How to overcome pets’ car sickness

Simple steps can help prevent car sickness in dogs. ANL-150201-100338001
Simple steps can help prevent car sickness in dogs. ANL-150201-100338001
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IT’S A VET’S LIFE: By Vetsavers

Too many treats over the festive period can easily upset your puppy or adult dog’s tummy, but they can also suffer from car sickness during the trips to visit friends and family.

Many clients have asked us how to stop their pets being nervous in the car or, worse still, sick.

Car sickness is more common in younger dogs. The reason may be due to the fact that the parts of the inner ear involved in balance aren’t fully developed. Puppies will often “outgrow” motion/car sickness by the time they are about one year old.

Many adult dogs become anxious or even nauseous during travel due to a lack of car association and the overwhelming unusual stimuli associated with moving inside a vehicle. Dogs that travel only once or twice a year (typically when visiting the vet) aren’t used to car rides and often associate the car ride with the stressful experience that follows.

This causes heightened anxiety and stress, which can result in vomiting and diarrhea.

Puppies that experience traumatic or frightening first rides may also associate future travel with that stressful event.

Helping your dog overcome the stress and anxiety of travel will mean that your pet can accompany you on trips more frequently without sickness or diarrhea and so resulting in a nice experience for both parties.

Signs your dog may be experiencing car sickness include:

• Whining and pacing (if loose in the car which we do not recommend)

• Excessive drooling

• Lethargy or inactivity

• Vomiting

• Diarrhea

If you think your dog is going to vomit, stop the car (in a safe place) and take your pet for a little walk, which may help to relieve the symptons.

The best way to ease your dog’s travel anxiety is by taking several short trips before embarking on a long one.

Start by simply placing your dog in your car either in a harness or a good travel cage and sit there without moving for a few minutes.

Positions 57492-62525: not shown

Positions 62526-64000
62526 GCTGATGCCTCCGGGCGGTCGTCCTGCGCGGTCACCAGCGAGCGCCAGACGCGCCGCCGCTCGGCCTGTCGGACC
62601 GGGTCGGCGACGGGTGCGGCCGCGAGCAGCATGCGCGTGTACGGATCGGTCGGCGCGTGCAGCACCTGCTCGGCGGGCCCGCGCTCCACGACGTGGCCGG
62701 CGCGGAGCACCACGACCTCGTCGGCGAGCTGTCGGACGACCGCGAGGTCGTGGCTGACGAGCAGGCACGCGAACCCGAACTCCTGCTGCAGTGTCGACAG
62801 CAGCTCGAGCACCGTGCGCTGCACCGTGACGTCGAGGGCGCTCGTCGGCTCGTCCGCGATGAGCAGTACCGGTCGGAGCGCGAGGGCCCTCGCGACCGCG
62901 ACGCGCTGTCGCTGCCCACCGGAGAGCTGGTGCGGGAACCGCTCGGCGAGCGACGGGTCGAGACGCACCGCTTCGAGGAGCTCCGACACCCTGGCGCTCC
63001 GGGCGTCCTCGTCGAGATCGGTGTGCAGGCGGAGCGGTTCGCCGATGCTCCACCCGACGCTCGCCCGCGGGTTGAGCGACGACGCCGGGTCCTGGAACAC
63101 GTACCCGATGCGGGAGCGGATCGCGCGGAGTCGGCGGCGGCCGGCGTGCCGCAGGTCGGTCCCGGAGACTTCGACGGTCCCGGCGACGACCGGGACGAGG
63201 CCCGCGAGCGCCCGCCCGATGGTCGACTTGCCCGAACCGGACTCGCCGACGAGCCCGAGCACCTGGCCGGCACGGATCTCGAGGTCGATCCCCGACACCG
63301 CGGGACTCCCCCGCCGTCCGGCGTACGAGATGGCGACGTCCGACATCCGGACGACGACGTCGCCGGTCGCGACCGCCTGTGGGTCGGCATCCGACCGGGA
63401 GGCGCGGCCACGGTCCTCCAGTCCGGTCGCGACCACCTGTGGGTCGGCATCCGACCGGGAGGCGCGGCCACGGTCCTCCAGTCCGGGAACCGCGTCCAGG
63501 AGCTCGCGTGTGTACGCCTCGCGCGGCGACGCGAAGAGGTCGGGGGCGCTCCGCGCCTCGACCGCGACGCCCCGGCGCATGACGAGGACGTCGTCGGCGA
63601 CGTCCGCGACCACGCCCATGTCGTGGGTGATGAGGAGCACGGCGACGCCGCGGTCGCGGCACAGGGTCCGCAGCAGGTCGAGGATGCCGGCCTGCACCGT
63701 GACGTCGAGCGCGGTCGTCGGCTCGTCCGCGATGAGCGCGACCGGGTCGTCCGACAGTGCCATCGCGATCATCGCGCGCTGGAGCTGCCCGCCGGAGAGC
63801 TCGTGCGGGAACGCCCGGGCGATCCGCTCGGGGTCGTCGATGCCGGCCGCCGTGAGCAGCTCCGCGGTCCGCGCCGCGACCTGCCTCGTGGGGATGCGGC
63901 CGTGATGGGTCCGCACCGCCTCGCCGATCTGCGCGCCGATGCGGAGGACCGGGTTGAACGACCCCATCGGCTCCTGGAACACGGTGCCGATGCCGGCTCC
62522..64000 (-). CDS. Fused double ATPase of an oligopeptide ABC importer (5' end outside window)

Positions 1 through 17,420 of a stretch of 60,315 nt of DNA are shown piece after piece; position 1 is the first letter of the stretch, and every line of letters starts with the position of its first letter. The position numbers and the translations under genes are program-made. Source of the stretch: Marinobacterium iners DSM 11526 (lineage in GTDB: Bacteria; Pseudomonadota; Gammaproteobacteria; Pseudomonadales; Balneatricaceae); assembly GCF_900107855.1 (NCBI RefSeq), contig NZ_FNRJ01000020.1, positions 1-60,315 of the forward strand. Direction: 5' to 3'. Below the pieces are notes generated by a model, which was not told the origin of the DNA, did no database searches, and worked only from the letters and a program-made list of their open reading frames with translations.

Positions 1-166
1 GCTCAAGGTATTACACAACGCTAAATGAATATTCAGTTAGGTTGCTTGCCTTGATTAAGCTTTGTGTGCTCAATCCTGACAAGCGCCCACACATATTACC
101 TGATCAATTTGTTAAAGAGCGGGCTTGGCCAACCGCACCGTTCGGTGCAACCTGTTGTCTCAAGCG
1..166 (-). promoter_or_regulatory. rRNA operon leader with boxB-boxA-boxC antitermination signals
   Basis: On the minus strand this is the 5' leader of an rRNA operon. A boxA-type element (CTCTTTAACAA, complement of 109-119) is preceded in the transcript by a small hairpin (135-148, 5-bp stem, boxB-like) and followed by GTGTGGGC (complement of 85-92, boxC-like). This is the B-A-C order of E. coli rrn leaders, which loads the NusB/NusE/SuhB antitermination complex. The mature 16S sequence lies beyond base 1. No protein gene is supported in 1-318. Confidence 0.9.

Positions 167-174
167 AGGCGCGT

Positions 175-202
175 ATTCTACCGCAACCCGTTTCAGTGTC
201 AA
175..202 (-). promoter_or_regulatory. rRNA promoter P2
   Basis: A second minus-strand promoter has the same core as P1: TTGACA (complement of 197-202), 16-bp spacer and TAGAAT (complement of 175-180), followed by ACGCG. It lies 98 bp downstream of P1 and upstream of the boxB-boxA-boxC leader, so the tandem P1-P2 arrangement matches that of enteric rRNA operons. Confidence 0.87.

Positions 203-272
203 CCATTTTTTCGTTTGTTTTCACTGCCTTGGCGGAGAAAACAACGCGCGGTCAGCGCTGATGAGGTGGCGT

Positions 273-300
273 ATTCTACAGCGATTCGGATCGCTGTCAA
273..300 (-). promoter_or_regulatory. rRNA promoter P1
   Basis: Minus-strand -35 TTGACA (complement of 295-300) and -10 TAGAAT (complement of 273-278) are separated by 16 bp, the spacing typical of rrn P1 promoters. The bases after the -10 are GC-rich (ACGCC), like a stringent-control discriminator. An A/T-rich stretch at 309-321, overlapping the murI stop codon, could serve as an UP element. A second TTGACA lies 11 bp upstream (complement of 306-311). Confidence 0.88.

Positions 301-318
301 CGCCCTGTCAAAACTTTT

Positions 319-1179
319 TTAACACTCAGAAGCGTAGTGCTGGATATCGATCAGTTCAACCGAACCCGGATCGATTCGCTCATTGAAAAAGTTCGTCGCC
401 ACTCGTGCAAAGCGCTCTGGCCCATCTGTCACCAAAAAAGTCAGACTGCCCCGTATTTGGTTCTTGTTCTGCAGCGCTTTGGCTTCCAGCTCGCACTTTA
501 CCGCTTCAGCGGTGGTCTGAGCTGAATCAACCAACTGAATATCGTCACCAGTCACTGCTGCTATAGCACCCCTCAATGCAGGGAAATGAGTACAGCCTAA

The next day, repeat this process. This time start the engine, but don’t move the car.

Then the next day repeat the process again move a little distance in the car no more than a mile then return. Be sure to praise your dog and offer a reward for good behaviour.

Gradually work your way up to riding comfortably for 20 to 30 minutes.

Conditioning your dog to ride comfortably in the car may require several days or even weeks. You can’t force your dog to “get over” or “deal with” its anxiety.

Travelling in a car can be frightening for a dog and requires time to adjust. Make sure you maintain a calm and cool attitude, and don’t scold your dog if it begins to howl or whine. Visible anxiety is a sign to stop the current training and start again another day.

Continuing to expose your dog to a stressful situation will only cause it to further associate the car with displeasure and fear and cause setbacks in your training.

A couple of Vetsavers additional tips to make your dog’s travel to reduce car sickness:

• Withhold food 12 hours before travel – an empty stomach will help reduce nausea.

• Use a carrier or dog safety harness as they are often viewed as a “safe place”.

• Keep the car cool in warm weather.

• Include an item from home – Add a t­-shirt or blanket that your pet is happy with at home.

• Offer special trip toys to help your dog associate travel with fun.

• Ask us about anti­nausea medications. We will always be happy to discuss options.